The political cloud over Attorney General Jeff Sessions’ decision to step back from any investigation touching the Trump campaign may have a silver lining for a law enforcement officer who appears preoccupied by violent crime, drugs and immigration.
Now that Sessions will no longer oversee any investigation into the 2016 election, his path to continue a refashioning of the Justice Department may be even clearer.
Those efforts began almost immediately after he was sworn in last month. While Thursday’s announcement may have taken attention from trying to chip away at Obama administration priorities, Sessions seems poised to resume the mission he carried into the job.
Sessions’ early words and actions are consistent with the tough-on-crime reputation the former federal prosecutor cultivated as an Alabama senator, and they foreshadow an unmistakable pivot in critical areas of civil rights, criminal justice and drug policy.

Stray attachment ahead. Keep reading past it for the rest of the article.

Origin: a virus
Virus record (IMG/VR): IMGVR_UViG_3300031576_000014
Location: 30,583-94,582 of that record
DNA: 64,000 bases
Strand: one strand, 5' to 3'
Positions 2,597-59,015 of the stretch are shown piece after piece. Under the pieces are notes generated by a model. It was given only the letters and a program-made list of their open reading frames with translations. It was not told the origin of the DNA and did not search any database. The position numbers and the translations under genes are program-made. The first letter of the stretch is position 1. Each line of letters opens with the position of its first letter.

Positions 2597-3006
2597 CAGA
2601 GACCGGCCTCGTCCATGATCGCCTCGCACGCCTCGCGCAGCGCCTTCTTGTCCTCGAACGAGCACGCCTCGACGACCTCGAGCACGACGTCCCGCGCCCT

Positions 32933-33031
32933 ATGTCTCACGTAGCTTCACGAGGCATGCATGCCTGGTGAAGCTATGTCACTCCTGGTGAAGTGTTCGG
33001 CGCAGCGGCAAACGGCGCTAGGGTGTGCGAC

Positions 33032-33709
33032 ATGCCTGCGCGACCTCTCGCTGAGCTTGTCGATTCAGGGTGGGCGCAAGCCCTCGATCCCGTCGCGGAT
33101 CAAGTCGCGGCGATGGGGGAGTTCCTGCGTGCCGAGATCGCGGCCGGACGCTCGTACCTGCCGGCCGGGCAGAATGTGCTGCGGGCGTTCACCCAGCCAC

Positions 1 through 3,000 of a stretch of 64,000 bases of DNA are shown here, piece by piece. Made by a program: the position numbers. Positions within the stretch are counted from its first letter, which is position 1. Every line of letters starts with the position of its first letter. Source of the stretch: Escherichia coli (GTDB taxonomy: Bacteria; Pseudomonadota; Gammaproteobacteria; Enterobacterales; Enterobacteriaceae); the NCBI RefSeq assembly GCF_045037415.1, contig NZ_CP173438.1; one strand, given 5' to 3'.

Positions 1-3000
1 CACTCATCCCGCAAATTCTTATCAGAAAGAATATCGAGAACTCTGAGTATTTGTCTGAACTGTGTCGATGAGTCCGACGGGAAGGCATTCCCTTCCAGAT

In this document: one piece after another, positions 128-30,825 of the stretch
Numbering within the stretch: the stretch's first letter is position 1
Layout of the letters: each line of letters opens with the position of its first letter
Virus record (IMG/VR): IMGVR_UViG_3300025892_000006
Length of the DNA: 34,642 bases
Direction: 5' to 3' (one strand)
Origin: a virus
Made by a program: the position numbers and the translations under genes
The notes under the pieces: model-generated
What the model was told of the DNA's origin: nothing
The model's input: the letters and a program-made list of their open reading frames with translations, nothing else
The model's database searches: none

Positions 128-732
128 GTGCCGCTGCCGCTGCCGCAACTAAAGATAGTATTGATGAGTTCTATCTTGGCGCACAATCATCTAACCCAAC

New attorneys general routinely arrive with their own agendas. But the speed with which Sessions has moved to undo some of the legacy items of his Democratic-appointed predecessors has dismayed critics and caused observers to take notice.
“There have been transitions before where the department headed off in new directions, but there is traditionally a period of new people coming in and studying and learning about issues before taking bold and dramatic new policy directions,” said William Yeomans, who spent nearly 30 years at the department. “This is probably unprecedented in the speed and dramatic change in course that’s happened.”